Peggy Grey

Peggy Grey of Mary Lue's Yarn and Ewe said her family's business has had a lifetime of involvement in community, first in St. Peter and now in Mankato. Photo by Pat Christman

Peggy Grey has had a life-long involvement with wool, yarn, and the things that can be created with them. Grey's mother sat all five of her children down, including Grey, and taught them to knit, she said.

She also has had a life-long involvement with her community. First in St. Peter, where her family's woolen mill and yarn shop were founded 50 years ago, and now in Mankato.

The woolen mill part of the business is still in St. Peter, owned by her sister. Mary Lue's Yarn and Ewe is now at 605 North Riverfront Drive in Mankato, in the heart of the district known as Old Town, and is owned and operated by Grey.

"I knew right away this was the right place," Grey said. "It's quaint, it has great ambiance, and it's not the run of the mill strip mall. It's long and narrow, with an airy, old feeling."

Since Mary Lue's Yarn and Ewe opened in August 2007, many improvements have been made to make the entire district more successful. Grey has been a part of that energy from the beginning.

When she moved in, she said, "Things were rough down here. Streetscaping, curbs, sidewalks — it all was pretty bad. It was kind of scary at that time ... When we came here, people said, 'Oh, nobody goes down there anymore.' We had to change that."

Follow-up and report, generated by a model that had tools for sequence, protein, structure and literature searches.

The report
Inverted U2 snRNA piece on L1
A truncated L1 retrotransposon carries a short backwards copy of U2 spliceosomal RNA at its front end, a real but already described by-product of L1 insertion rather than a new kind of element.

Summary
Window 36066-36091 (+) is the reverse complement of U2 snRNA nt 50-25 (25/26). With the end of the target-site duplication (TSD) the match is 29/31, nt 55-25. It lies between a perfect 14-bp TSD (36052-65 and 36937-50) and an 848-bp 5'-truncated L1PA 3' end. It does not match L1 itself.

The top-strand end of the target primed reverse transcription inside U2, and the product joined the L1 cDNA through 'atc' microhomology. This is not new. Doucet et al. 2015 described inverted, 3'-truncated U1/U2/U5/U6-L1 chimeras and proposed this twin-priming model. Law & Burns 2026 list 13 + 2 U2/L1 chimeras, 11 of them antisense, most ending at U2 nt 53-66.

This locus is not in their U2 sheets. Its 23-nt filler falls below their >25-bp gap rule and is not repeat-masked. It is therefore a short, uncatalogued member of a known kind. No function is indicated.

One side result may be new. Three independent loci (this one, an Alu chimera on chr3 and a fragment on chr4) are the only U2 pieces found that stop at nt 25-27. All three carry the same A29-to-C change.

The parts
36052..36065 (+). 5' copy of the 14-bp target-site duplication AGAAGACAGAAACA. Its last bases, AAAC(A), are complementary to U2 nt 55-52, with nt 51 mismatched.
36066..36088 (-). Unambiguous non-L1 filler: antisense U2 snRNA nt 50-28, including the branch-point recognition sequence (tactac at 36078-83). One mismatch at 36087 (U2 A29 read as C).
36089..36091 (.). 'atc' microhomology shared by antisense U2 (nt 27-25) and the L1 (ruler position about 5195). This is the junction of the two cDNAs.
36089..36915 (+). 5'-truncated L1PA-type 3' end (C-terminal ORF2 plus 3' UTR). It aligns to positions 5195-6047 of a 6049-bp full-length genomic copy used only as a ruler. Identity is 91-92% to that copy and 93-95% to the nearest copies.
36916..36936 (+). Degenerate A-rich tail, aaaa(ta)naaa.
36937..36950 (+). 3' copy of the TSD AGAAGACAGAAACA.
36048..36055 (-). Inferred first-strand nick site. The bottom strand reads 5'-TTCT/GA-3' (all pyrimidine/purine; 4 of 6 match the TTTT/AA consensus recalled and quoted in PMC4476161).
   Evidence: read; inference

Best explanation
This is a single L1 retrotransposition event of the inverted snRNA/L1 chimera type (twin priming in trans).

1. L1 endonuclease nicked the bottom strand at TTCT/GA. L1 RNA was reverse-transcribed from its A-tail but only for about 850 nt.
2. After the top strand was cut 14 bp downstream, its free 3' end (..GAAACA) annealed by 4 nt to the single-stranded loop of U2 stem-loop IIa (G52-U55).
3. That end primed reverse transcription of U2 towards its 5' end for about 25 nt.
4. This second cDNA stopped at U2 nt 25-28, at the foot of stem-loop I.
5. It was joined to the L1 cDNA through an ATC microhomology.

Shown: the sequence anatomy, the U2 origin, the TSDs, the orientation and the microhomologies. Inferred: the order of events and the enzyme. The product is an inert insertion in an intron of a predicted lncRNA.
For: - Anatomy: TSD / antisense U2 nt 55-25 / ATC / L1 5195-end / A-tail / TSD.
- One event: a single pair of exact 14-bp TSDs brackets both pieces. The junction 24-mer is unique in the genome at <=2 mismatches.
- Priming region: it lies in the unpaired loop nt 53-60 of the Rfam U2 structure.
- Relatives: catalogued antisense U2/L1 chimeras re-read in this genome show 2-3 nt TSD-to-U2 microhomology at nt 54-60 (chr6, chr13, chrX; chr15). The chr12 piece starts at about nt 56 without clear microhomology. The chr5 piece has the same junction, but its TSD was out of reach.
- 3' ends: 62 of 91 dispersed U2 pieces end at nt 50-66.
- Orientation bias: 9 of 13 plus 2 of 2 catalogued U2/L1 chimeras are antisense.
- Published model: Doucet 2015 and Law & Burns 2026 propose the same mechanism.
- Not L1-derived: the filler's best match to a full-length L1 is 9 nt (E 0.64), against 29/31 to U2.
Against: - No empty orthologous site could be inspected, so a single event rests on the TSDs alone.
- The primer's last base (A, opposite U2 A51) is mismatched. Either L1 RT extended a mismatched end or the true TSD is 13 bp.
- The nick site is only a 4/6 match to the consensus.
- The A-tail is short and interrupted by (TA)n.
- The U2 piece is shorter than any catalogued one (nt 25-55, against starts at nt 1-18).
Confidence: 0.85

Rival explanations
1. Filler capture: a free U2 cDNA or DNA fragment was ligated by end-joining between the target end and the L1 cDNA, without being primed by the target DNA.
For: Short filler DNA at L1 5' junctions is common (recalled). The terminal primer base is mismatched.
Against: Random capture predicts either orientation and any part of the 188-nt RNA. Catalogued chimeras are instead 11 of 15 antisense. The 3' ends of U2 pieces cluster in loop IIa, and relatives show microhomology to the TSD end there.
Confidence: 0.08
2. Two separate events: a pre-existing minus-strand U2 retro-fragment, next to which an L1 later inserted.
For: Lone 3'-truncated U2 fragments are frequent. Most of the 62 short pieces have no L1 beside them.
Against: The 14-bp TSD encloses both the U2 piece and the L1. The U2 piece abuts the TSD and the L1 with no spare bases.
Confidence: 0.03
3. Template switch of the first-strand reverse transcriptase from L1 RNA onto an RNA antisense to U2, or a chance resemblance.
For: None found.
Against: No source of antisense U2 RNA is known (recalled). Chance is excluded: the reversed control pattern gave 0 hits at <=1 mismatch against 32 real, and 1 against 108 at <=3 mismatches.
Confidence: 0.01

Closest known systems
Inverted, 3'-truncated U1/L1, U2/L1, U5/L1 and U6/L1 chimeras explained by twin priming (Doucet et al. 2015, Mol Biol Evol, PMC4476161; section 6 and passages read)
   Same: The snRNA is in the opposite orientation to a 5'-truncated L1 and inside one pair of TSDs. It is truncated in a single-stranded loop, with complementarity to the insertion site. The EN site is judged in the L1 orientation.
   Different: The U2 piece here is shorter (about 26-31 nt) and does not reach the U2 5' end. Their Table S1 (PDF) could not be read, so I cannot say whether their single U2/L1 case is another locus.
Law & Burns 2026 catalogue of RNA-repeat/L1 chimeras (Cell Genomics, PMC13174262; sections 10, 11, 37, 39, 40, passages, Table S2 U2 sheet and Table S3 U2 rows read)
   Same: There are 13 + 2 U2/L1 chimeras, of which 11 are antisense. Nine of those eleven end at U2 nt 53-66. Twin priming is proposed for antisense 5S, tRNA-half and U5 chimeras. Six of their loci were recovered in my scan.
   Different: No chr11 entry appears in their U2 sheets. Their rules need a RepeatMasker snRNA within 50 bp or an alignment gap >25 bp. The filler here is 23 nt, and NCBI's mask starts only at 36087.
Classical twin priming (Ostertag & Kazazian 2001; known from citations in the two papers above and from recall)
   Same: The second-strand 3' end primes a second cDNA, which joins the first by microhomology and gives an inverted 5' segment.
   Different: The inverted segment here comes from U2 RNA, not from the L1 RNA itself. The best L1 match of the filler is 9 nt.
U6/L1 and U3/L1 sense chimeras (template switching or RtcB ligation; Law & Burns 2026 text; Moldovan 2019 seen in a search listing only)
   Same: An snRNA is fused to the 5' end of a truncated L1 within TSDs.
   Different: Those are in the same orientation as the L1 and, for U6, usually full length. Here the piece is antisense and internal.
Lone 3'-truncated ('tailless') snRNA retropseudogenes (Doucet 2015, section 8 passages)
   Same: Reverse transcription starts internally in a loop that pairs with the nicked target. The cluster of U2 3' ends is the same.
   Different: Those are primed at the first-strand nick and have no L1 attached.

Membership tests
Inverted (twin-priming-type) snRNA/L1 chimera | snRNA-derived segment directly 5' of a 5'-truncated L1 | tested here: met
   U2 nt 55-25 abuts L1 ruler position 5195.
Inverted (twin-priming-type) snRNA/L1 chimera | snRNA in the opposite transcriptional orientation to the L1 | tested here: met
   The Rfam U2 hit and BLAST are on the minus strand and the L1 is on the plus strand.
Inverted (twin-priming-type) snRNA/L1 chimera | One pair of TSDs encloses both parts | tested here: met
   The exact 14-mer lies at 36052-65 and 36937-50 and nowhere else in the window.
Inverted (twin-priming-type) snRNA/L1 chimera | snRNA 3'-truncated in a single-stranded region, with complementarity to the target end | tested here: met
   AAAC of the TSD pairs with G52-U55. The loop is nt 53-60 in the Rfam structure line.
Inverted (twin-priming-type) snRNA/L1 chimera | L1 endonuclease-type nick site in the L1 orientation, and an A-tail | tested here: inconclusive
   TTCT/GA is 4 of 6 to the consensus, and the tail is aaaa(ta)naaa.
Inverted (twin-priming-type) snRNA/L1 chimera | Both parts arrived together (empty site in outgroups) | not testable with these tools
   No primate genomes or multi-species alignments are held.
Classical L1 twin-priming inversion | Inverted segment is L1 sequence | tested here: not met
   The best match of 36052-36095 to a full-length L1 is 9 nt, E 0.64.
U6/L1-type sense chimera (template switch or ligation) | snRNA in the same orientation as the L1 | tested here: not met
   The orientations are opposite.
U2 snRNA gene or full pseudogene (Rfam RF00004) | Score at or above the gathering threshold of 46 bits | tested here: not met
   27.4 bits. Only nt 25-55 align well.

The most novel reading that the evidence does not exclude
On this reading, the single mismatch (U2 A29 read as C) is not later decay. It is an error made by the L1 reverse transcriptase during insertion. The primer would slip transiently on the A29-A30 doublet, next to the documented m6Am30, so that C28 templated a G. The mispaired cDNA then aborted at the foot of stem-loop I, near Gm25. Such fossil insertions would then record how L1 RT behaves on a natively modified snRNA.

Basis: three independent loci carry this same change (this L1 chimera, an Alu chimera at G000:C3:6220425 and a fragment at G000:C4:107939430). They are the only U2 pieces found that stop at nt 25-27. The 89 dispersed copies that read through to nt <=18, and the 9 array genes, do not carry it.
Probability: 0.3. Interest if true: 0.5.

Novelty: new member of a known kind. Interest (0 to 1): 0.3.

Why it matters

Grey knew talks were underway about long-range planning for the area, and she wanted to be involved in that. Grey has a track record of helping businesses work together. She started Girls Night Out in St. Peter to help businesses work together and was confident she could do the same thing in Old Town. She started to rally area business owners by knocking on doors, beating a path and presenting ideas.

Grey believes if the City Center Group had not taken an active interest in the area, the district would have deteriorated more than it already had. "It was pretty dilapidated, and that was the direction it was headed."

Most store fronts were filled when Mary Lue's Yarn and Ewe opened, and owners were meeting regularly. Then three businesses closed in a short period of time. "It took the wind out of our sails," Grey said. "Then major street work came in, and it cut us off for a while. We lost our fire."

But what Grey calls "the second wave of momentum and focus" is happening right now.

Business owners in the district are risk takers, she believes, but they are people who are invested in the long term. "I started a wave of energy, but people who are more stable are here to see it through."

Grey envisions better traffic flow, better parking, full buildings, and more visibility due to events at Riverfront Park. She said the mix of retail, service businesses, the concerts and other events at the park and residences make the area a perfect spot to visit.

Specifically, Grey is looking toward a low level parking ramp in Old Town and street decorations at Christmastime. The next wave of momentum will hopefully spark these things. "Businesses decorated their windows for Christmas, of course, but there are no street light decorations, and nothing spanning the road." Area business people are talking about pooling their money for these decorations as was done in the past.

Grey credits all the business owners in Old Town for the momentum now in force. As a team working with City Center Partnership and the city of Mankato, they are gaining traction for a better Old Town experience for visitors. Building owners working with their tenants is another positive force, she believes.

"I'm excited," she said. "Good things are coming out of the meetings that are taking place now. It's a never-ending evolution."

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